Prasad v. Kijakazi

Filing 21

ORDER by Judge Robert M. Illman Re: Cross Motions for Summary Judgment. (rmilc1, COURT STAFF) (Filed on 3/26/2024)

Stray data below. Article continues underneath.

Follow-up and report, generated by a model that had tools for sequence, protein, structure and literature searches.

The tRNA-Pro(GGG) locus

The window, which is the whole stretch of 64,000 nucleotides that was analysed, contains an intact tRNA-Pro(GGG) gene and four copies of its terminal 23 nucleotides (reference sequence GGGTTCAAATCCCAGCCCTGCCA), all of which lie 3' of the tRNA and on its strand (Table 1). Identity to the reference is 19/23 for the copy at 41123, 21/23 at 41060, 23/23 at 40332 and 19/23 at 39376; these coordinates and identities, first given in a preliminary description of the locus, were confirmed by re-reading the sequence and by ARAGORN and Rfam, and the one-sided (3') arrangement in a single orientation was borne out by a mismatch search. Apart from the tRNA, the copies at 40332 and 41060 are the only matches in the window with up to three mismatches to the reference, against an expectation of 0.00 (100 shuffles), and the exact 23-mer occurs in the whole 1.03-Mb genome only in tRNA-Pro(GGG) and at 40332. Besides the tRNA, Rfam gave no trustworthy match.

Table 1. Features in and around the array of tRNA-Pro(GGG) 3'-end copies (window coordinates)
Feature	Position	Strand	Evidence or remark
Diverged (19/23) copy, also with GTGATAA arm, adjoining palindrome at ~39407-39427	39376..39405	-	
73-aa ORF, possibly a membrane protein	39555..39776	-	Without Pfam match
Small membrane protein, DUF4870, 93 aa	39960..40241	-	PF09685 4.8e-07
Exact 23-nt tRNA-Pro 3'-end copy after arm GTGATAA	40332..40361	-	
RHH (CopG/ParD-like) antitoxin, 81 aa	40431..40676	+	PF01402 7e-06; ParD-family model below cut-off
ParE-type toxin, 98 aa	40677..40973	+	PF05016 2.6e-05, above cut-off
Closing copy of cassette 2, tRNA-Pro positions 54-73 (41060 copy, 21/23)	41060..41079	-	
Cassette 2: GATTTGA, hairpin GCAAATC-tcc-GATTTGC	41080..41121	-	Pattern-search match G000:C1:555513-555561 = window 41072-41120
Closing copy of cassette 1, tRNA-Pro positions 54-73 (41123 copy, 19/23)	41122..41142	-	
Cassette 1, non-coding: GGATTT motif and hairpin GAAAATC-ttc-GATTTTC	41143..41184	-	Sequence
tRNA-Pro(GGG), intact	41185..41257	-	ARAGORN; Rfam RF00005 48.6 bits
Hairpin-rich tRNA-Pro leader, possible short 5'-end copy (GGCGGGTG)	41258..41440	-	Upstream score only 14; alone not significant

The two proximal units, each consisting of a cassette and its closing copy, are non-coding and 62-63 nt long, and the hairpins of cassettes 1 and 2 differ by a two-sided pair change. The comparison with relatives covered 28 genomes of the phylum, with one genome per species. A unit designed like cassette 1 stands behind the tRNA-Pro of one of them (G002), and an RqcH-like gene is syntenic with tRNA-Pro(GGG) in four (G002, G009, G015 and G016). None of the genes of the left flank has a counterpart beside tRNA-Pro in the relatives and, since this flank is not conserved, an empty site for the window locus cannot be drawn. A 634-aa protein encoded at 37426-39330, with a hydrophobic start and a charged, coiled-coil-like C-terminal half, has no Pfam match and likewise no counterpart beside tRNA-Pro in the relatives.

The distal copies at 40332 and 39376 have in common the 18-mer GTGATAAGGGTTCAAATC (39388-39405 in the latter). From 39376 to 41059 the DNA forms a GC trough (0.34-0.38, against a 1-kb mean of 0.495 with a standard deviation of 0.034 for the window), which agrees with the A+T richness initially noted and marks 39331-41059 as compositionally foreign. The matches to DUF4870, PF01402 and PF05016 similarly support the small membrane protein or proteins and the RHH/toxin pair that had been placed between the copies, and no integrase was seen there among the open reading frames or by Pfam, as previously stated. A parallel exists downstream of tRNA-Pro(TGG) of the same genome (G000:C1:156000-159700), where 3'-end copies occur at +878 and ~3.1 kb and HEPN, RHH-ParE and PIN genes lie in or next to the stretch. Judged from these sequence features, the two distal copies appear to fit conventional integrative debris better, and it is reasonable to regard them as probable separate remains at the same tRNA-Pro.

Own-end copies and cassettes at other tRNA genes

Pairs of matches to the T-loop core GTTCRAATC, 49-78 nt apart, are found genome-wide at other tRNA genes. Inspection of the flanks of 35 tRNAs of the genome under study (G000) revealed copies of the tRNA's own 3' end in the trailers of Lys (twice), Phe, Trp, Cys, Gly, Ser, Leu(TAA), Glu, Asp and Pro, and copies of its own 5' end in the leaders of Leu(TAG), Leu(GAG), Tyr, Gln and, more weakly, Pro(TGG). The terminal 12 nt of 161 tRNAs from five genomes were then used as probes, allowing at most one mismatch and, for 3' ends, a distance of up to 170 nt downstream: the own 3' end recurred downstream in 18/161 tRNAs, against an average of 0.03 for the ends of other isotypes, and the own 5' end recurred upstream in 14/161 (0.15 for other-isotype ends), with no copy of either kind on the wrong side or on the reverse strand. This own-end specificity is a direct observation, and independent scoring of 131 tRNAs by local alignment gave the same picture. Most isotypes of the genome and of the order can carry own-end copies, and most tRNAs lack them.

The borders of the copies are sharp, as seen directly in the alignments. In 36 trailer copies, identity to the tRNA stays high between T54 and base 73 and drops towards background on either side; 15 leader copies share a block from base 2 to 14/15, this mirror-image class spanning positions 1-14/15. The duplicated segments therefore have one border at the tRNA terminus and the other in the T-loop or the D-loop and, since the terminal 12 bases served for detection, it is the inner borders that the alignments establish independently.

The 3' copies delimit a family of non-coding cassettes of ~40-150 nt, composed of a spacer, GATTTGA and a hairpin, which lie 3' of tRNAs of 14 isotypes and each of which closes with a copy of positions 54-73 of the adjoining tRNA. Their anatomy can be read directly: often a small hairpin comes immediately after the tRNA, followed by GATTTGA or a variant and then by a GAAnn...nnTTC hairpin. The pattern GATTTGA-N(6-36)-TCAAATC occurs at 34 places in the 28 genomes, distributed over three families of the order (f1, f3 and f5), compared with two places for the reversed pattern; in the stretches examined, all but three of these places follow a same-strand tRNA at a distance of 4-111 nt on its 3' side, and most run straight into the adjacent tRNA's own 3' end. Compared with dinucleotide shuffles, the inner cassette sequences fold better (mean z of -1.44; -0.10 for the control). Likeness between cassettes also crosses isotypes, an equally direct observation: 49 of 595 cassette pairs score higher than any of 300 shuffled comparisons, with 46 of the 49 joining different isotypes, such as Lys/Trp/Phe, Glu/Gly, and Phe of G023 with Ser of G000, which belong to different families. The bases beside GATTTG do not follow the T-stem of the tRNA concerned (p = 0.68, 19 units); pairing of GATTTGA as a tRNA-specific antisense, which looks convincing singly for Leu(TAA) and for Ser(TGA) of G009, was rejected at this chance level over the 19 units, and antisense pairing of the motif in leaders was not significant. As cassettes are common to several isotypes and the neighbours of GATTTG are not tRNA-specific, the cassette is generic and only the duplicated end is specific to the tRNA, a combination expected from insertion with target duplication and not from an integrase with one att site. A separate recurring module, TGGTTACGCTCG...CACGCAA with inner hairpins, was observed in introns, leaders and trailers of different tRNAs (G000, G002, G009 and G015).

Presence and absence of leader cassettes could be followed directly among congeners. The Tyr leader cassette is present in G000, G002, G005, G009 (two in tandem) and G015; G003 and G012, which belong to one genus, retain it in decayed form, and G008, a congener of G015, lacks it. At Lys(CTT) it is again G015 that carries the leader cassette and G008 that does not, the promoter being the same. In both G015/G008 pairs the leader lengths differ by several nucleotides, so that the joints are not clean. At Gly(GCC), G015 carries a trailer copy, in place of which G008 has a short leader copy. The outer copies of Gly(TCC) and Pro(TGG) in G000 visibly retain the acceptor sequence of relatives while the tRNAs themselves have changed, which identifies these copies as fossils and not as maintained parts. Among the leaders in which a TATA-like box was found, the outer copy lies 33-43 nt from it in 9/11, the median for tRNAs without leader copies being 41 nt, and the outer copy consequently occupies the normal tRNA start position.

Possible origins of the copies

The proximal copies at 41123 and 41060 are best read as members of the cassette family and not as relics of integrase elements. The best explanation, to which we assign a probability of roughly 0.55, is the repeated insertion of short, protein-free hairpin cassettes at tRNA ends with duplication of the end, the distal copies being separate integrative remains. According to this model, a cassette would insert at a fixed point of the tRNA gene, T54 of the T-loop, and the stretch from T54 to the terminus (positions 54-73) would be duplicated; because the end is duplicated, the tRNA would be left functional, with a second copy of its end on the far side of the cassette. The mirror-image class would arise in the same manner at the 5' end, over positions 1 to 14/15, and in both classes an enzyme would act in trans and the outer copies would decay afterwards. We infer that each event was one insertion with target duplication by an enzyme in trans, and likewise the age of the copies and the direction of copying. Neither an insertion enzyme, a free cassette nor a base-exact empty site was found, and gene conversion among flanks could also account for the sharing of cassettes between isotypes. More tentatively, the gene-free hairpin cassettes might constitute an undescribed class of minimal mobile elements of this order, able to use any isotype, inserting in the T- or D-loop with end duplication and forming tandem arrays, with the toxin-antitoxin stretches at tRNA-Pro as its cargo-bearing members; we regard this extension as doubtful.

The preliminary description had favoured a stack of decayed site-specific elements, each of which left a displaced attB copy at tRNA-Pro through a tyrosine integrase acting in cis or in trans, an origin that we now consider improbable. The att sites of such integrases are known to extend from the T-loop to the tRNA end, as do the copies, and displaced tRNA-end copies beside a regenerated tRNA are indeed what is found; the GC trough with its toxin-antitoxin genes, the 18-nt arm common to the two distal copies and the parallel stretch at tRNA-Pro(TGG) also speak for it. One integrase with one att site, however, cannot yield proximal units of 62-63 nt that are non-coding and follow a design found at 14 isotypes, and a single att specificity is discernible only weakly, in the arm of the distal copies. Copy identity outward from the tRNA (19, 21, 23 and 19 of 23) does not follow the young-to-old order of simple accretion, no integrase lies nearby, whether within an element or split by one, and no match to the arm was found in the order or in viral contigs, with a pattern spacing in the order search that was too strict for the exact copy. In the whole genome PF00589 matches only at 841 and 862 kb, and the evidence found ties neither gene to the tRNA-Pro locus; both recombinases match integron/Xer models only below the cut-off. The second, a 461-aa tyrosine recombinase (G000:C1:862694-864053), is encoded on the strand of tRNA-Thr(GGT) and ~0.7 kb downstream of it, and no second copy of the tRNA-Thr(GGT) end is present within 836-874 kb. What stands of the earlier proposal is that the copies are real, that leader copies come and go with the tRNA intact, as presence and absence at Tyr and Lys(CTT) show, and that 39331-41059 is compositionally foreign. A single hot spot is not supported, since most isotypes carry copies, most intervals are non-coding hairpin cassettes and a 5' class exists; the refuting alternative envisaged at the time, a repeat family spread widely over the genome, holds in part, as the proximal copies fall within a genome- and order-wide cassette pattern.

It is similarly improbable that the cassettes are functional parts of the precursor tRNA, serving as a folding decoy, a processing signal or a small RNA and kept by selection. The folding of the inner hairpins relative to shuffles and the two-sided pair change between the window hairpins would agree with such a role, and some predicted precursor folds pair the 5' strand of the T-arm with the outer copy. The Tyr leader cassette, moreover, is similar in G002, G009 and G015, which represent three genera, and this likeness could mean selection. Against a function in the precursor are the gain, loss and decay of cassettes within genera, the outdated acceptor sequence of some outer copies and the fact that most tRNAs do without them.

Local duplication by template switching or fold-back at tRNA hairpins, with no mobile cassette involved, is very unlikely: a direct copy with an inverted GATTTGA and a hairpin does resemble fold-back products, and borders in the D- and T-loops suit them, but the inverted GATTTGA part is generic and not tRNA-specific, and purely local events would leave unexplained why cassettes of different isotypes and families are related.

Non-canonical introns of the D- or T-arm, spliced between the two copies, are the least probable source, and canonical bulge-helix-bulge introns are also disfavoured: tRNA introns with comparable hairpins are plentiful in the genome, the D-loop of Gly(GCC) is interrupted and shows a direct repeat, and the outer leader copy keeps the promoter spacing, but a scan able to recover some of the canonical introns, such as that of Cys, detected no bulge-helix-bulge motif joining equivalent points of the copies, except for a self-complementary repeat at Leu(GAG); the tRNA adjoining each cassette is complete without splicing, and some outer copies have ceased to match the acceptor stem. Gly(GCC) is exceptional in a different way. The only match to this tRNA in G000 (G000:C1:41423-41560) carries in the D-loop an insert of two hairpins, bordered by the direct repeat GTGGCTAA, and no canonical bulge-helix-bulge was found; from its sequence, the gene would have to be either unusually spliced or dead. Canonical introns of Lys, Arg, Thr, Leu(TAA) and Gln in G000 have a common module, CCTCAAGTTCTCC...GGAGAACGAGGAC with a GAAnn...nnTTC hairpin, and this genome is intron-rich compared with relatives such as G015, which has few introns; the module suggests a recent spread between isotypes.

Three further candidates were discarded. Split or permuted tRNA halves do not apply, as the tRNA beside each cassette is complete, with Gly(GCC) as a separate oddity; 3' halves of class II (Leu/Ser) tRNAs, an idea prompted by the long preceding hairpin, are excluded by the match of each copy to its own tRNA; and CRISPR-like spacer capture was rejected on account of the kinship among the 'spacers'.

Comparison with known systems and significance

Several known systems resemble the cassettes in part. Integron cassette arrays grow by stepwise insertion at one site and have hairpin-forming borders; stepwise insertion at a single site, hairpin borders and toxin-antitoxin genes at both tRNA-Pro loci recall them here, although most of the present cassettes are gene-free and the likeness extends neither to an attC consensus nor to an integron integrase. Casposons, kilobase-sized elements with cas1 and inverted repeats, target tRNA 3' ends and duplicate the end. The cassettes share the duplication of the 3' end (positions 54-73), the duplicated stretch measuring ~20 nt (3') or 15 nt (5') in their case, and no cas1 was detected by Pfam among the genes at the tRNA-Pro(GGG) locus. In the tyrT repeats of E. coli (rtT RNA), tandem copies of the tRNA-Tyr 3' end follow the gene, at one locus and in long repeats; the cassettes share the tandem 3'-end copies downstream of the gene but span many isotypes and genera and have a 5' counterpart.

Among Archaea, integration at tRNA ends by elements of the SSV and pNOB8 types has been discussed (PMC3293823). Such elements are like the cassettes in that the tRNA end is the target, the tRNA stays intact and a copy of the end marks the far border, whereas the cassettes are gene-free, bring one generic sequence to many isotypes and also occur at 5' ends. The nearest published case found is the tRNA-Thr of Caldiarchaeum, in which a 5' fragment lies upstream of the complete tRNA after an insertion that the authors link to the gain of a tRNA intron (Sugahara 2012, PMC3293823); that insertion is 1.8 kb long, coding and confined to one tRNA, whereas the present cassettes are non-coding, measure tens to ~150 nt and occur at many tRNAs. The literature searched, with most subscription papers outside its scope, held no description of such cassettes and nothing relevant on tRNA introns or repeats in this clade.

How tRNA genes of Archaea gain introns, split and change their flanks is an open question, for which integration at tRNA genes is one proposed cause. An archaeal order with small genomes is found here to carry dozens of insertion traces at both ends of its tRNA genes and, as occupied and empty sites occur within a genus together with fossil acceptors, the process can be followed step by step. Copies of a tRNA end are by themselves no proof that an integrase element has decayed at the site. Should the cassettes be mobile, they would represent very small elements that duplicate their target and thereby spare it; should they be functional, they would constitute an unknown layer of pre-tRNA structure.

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1 2 3 4 UNITED STATES DISTRICT COURT 5 NORTHERN DISTRICT OF CALIFORNIA 6 EUREKA DIVISION 7 8 AMBIKA P.,1 Plaintiff, 9 ORDER RE: CROSS MOTIONS FOR SUMMARY JUDGMENT v. 10 11 United States District Court Northern District of California Case No. 22-cv-07466-RMI MARTIN O’MALLEY, Re: Dkt. Nos. 15, 19 Defendant. 12 13 Plaintiff seeks judicial review of an administrative law judge (“ALJ”) decision denying her 14 15 application for disability benefits under Title II of the Social Security Act. See Admin. Rec. at 1.2 16 The Appeals Council of the Social Security Administration declined to review the ALJ’s decision. 17 Id. As such, the ALJ’s decision is a “final decision” of the Commissioner of Social Security, 18 appropriately reviewable by this court. See 42 U.S.C. § 405(g), 1383(c)(3). Both parties have 19 consented to the jurisdiction of a magistrate judge (dkts. 6, 8) and both parties have moved for 20 summary judgment (dkts. 15, 19). For the reasons stated below, Plaintiff’s Motion for Summary 21 Judgment is granted, and Defendant’s Cross-Motion for Summary Judgment is denied. LEGAL STANDARDS 22 The Social Security Act limits judicial review of the Commissioner’s decisions to final 23 24 decisions made after a hearing. 42 U.S.C. § 405(g). The Commissioner’s findings “as to any fact, 25 26 27 28 1 Pursuant to the recommendation of the Committee on Court Administration and Case Management of the Judicial Conference of the United States, Plaintiff’s name is partially redacted. The Administrative Record (“AR”), which is independently paginated, has been filed in nine attachments to Docket Entry #14. See (Dkts. 14-1 through 14-9). 2 United States District Court Northern District of California 1 if supported by substantial evidence, shall be conclusive.” Id. A district court has limited scope of 2 review and can only set aside a denial of benefits if it is not supported by substantial evidence or if 3 it is based on legal error. Flaten v. Sec’y of Health & Human Servs., 44 F.3d 1453, 1457 (9th Cir. 4 1995). The phrase “substantial evidence” appears throughout administrative law and directs courts 5 in their review of factual findings at the agency level. See Biestek v. Berryhill, 139 S. Ct. 1148, 6 1154 (2019). Substantial evidence is defined as “such relevant evidence as a reasonable mind 7 might accept as adequate to support a conclusion.” Id. at 1154 (quoting Consol. Edison Co. v. 8 NLRB, 305 U.S. 197, 229 (1938)); see also Sandgathe v. Chater, 108 F.3d 978, 979 (9th Cir. 9 1997). “In determining whether the Commissioner’s findings are supported by substantial 10 evidence,” a district court must review the administrative record as a whole, considering “both the 11 evidence that supports and the evidence that detracts from the Commissioner’s conclusion.” 12 Reddick v. Chater, 157 F.3d 715, 720 (9th Cir. 1998). The Commissioner’s conclusion is upheld 13 where evidence is susceptible to more than one rational interpretation. Burch v. Barnhart, 400 14 F.3d 676, 679 (9th Cir. 2005). 15 16 SUMMARY OF THE RELEVANT EVIDENCE In September of 2017, Plaintiff suffered a bi-lateral shoulder injury while working as a 17 sales associate at Target. AR at 63-64, 82. Plaintiff and a co-worker attempted to lift a 160-pound 18 table onto an overhead shelf and Plaintiff felt a sharp pain in both shoulders, most predominant in 19 his left, which was later diagnosed as a rotator cuff injury. See id. at 377. By July of 2018 Plaintiff 20 had stopped working. Id. He received various treatments for his pain including cortisone 21 injections, prescription-strength anti-inflammatories, physical therapy, and chiropractic care. See 22 id. at 82-83, 377. Ultimately, his physicians determined that surgery was the best option, and in 23 October of 2019, Dr. Samir Sharma performed surgery on Plaintiff’s left shoulder. Id. at 1108-09. 24 Despite surgery, Plaintiff continued to experience pain and limited range of motion (see e.g, id. at 25 82-83, 395, 400-01, 564, 587) and in July of 2020 an MRI demonstrated that Plaintiff’s 26 supraspinatus tear had deteriorated to a full thickness tear (see id. at 564-66). 27 28 On October 19, 2020, Plaintiff underwent a second surgery on his left shoulder. Id. at 1483-84. In the months that followed, Plaintiff completed post-operative physical therapy and 2 1 took prescription-strength anti-inflammatory and pain medications. Id. at 23, 84-86, 874, 878-79, 2 1300, 1303, 1306. However, pain in both shoulders persisted, and, particularly with respect to his 3 right shoulder, worsened. See id. at 86, 1293, 1297, 1300, 1303, 1306, 1649-50. On June 14, 2021, 4 Plaintiff had surgery on his right shoulder. Id. at 1592-93. United States District Court Northern District of California 5 Since surgery, Plaintiff has continued to report intermittent pain and to demonstrate limited 6 range of motion in both shoulders. See e.g., id. at 1561 (August 2021, Plaintiff’s left shoulder is 7 “improving slowly” with pain rated at 6/10, and his right shoulder pain is rated 8/10); 1775 8 (September 2021 shoulder pain is 8/10); 1761 (October 2021, Plaintiff reports shoulder is still 9 painful); 1769-70 (November 2021, Hawkins test is positive, shoulder crossover test is positive); 10 1767 (December 2021, Plaintiff rates pain in right shoulder as 5/10, left shoulder as 4/10, 11 decreased range of motion on abduction, Hawkins test is positive, shoulder crossover test is 12 positive). Plaintiff consistently “resisted abduction” and exhibited “positive impingement signs” 13 on flexion. See e.g., id. at 1763 (August 2021, Plaintiff resists abduction and exhibits positive 14 impingement signs on forward flexion); 1761 (October 2021, same); 1782 (December 2021, 15 same);1780 (January 2022, same). 16 In September of 2021, Dr. Massih reviewed Plaintiff’s records and performed a physical 17 examination. Id. at 1728-1760. He observed that Plaintiff had limited range of motion in both 18 shoulders and opined that Plaintiff could lift up to twenty pounds but could do “no repetitive 19 overhead work.” Id. at 1728. Notably, during the examination Plaintiff could not raise his arms to 20 shoulder height. Id. at 1755 (Plaintiff’s abduction of both shoulders was 80 degrees and forward 21 flexion was 60 degrees on his right shoulder and 80 degrees on his left). Dr. Massih was 22 concerned about Plaintiff’s persistent symptoms, noting that surgery on his left shoulder was 23 “without benefit” and that an investigation into an alternative etiology for his symptoms—such as 24 proximal root pathology at the cervical spine—would be wise, particularly given the more-recent 25 development of numbness and lack of sensation. Id. 1758-59. 26 All of Plaintiff’s treating physicians—Drs. Samir Sharma, Kavita Sharma, Anagnost, and 27 Kaisler-Meza—have opined that he is unable to lift or carry more than ten pounds and is unable to 28 work overhead due to pain. Id. at 27-29. The most recent of these opinions were provided in 3 United States District Court Northern District of California 1 February of 2022 by Dr. Kavita Sharma and Dr. Anagnost. See id. at 1778, 1786. Two state 2 agency consultants—Drs. Ruo and Cepeda—reviewed Plaintiff’s medical records. See id. at 141- 3 57 and 159-77. Dr. Ruo’s opinion was issued on May 4, 2021, roughly one month prior to 4 Plaintiff’s third shoulder surgery. Id. at 141. Dr. Ruo opined that Plaintiff could lift twenty pounds 5 occasionally and ten pounds frequently and could reach overhead occasionally. Id. at 150-52. Dr. 6 Cepeda affirmed Dr. Ruo’s opinion in September of 2021. Id. at 170-72. 7 In March of 2022, Plaintiff testified at a hearing before the ALJ that, despite three shoulder 8 surgeries, he was still in a significant amount of pain. Id. at 42. He is unable to sleep, has difficulty 9 doing anything more than the lightest of household chores, is unable to lift more than a gallon of 10 milk, and cannot raise his arms above shoulder height. Id. at 43-44. More recently, Plaintiff has 11 begun to experience numbness and tingling in his arms and fingers. Id. As to his daily activities, 12 Plaintiff confirmed that he was able to dress himself, take a bath, use the toilet, make a meal, write 13 a note, type a message on the computer, use a telephone, work outdoors on flat ground, climb up a 14 flight of stairs, sit or recline, rise from a chair, run errands, get in and out of a car, and sleep. He 15 testified that in a typical day, he has breakfast, takes his dogs for a short walk, and then he spends 16 the day resting. Plaintiff further testified that he could raise his arms no higher than shoulder 17 height. Id. at 44. 18 19 THE ALJ’S DECISION The ALJ engaged in the required five step sequential evaluation process. See id. at 16-30. 20 At step one, the ALJ determined Plaintiff had not performed substantial gainful activity during the 21 relevant period. Id. at 19. At step two, the ALJ determined Plaintiff’s severe impairments were left 22 rotator cuff repair and sequalae and right shoulder impingement syndrome. Id. at 19-20. The ALJ 23 found Plaintiff’s diabetes mellitus, right corneal abrasion, and obesity to be non-severe. Id. At step 24 three, the ALJ found that none of Plaintiff’s conditions met or equaled any listed impairment. Id. 25 In formulating Plaintiff’s residual functional capacity (“RFC”), the ALJ determined that Plaintiff 26 could perform light work, with several exertional limitations. Relevant to the instant appeal, the 27 ALJ found that Plaintiff could lift twenty pounds occasionally and ten pounds frequently with 28 occasional reaching overhead to the left and right. Id. at 20. In reaching this determination, the 4 1 ALJ dismissed Plaintiff’s testimony about the severity and persistence of his pain because it was 2 inconsistent with his “somewhat normal” daily activities. Id. at 25. At step four, the ALJ found 3 that Plaintiff could complete his past relevant work as a retail salesperson as generally, rather than 4 actually, performed. Id. at 29. The ALJ then concluded that Plaintiff was not disabled. Id. at 30. 5 United States District Court Northern District of California 6 DISCCUSION The court finds that the ALJ erred at step three, in formulating Plaintiff’s RFC, by 7 dismissing Plaintiff’s pain testimony without offering “specific, clear, and convincing reasons” for 8 doing so. This error is not harmless, as Plaintiff’s testimony that he could not lift more than ten 9 pounds and could not reach over his head, if included in his RFC, would preclude him from 10 performing his previous work as a retail salesperson. See AR at 48 (VE testimony that a limitation 11 to no overhead reaching and no lifting over ten pounds would preclude his prior employment). 12 When assessing a claimant’s testimony regarding the subjective intensity, persistence, and 13 limiting effects of their symptoms, an ALJ must engage in a two-step analysis. Vasquez v. Astrue, 14 572 F.3d 586, 591 (9th Cir. 2009) (citing Lingenfelter v. Astrue, 504 F.3d 1028, 1035-36 (9th Cir. 15 2007). First, the ALJ must determine if there is “objective medical evidence of an underlying 16 impairment which could reasonably be expected to produce the symptoms alleged.” Id. (internal 17 quotations omitted). If the first test is met, “and there is no evidence of malingering, the ALJ can 18 reject the claimant’s testimony about the severity of [his] symptoms only by offering specific, 19 clear and convincing reasons for doing so.” Garrison, 759 F.3d at 1015 (citing Smolen v. Chater, 20 80 F.3d 1273, 1281 (9th Cir. 1996) and Robbins v. Soc. Sec. Admin., 466 F.3d 880, 883 (9th Cir. 21 2006)) (internal quotations omitted). This is not an easy standard to meet; “[t]he clear and 22 convincing standard is the most demanding required in Social Security Cases.” Id. (citing Moore 23 v. Comm’r Soc. Sec. Admin., 278 F.3d 920, 924 (9th Cir. 2002)). 24 A claimant’s daily activities may undermine allegations of pain. See e.g., Orn v. Astrue, 25 495 F.3d 625, 639 (9th Cir. 2007). Daily activities may be incompatible with the severity of a 26 claimant’s alleged symptoms or may indicate the claimant is capable of skills transferrable to the 27 workplace. Id. (citing Fair v. Bowen, 885 F.2d 597, 603 (9th Cir. 1989) (superseded on other 28 grounds by 20 C.F.R. § 404.1502(a))). However, “the Social Security Act does not require that 5 1 claimants be utterly incapacitated to be eligible for benefits.” Cooper v. Bowen, 815 F.2d 557, 561 2 (9th Cir. 1989). Moreover, “many home activities are not easily transferable to … the more 3 grueling environment of the workplace[.]” Id.; see also Garrison, 759 F.3d at 1016 (“The critical 4 differences between activities of daily living and activities in a full-time job are that a person has 5 more flexibility in scheduling the former than the latter, can get help from other persons …, and is 6 not held to a minimum standard of performance, as [he] would be by an employer. The failure to 7 recognize these differences is a recurrent, and deplorable, feature of opinions by administrative 8 law judges in social security disability cases.”) (quoting Bjornson v. Astrue, 671 F.3d 640, 647 9 (7th Cir. 2012)). Thus, “[o]nly if the activity were inconsistent with claimant's claimed limitations United States District Court Northern District of California 10 would those activities have any bearing on claimant's credibility.” Reddick, 157 F.3d at 722. 11 Here, after finding that Plaintiff’s medically determinable impairments could reasonably be 12 expected to cause Plaintiff’s alleged symptoms, the ALJ determined that Plaintiff’s daily activities 13 were inconsistent with his allegations of pain and its limiting effects. However, the ALJ did not 14 specify which portions of Plaintiff’s testimony were inconsistent with his daily activities, an 15 omission that, itself, indicates a failure to comport with the Ninth Circuit’s specificity 16 requirement. Cf. Treichler v. Comm’r Soc. Sec. Admin, 775 F.3d 1090, 1103 (9th Cir. 2014) (“An 17 ALJ’s vague allegation that a claimant’s testimony is not consistent with the objective medical 18 evidence, without any specific findings in support of that conclusion is insufficient for our 19 review”) (internal citations and quotation marks omitted). Indeed, the court can surmise that the 20 ALJ rejected Plaintiff’s claims regarding his inability to lift more than ten pounds or reach 21 overhead only because these restrictions do not appear in Plaintiff’s RFC. Further, the ALJ did not 22 explain why Plaintiff’s daily activities undermine the alleged severity of his pain, or “make 23 specific findings relating to the daily activities and their transferability.” See Orn, 495 F.3d at 639. 24 Regardless, Plaintiff’s daily activities—sitting and reclining, typing, using a phone, doing light 25 housework, driving, bathing, going to the bathroom, getting in and out of the car, writing a note— 26 are not inconsistent with Plaintiff’s allegations that he is unable to lift more than ten pounds or 27 reach his arms over his head. As such, Plaintiff’s daily activities do not constitute a “specific, clear 28 and convincing reason” for dismissing his testimony. Because crediting Plaintiff’s testimony as to 6 1 the limiting effects of his pain would necessarily alter his RFC and thus, could change the ALJ’s 2 ultimate finding of non-disability, the error is not harmless. Accordingly, the court REMANDS 3 for further proceedings. On remand, the ALJ is ORDERED to reassess Plaintiff’s pain and 4 symptom testimony and, if necessary, to provide “specific, clear and convincing reasons” for 5 dismissing Plaintiff’s allegations. United States District Court Northern District of California 6 Having found reversible error in the ALJ’s assessment of Plaintiff’s pain and symptom 7 testimony, the court need not address Plaintiff’s other claims. See Hiler v. Astrue, 687 F.3d 1208, 8 1212 (9th Cir. 2012). Accordingly, on remand, the ALJ is ORDERED to consider the issues 9 raised in Plaintiff’s briefing and to modify any ensuing opinion as necessary. See Cortes v. Colvin, 10 No. 2:15-cv-02277-GJS, 2016 WL 1192638, at *4 (C.D. Cal. Mar. 28, 2016); Cochran v. 11 Berryhill, No. 3:17-cv-00334-SB, 2017 WL 6626322, at *21 (D. Or. Dec. 28, 2017); Steven M. v. 12 Saul, No. 19-cv-06991-RMI, 2021 WL 1056787, at *5 (N.D. Cal Mar. 19, 2021). CONCLUSION 13 14 For the reasons stated above, the court finds that the ALJ’s decision was not supported by 15 substantial evidence. Accordingly, Plaintiff’s Motion for Summary Judgment is GRANTED and 16 Defendant’s Cross-Motion is DENIED. This case is remanded for further proceedings consistent 17 with this order. A separate judgment shall issue. 18 19 IT IS SO ORDERED. Dated: March 26, 2024 20 21 ROBERT M. ILLMAN United States Magistrate Judge 22 23 24 25 26 27 28 7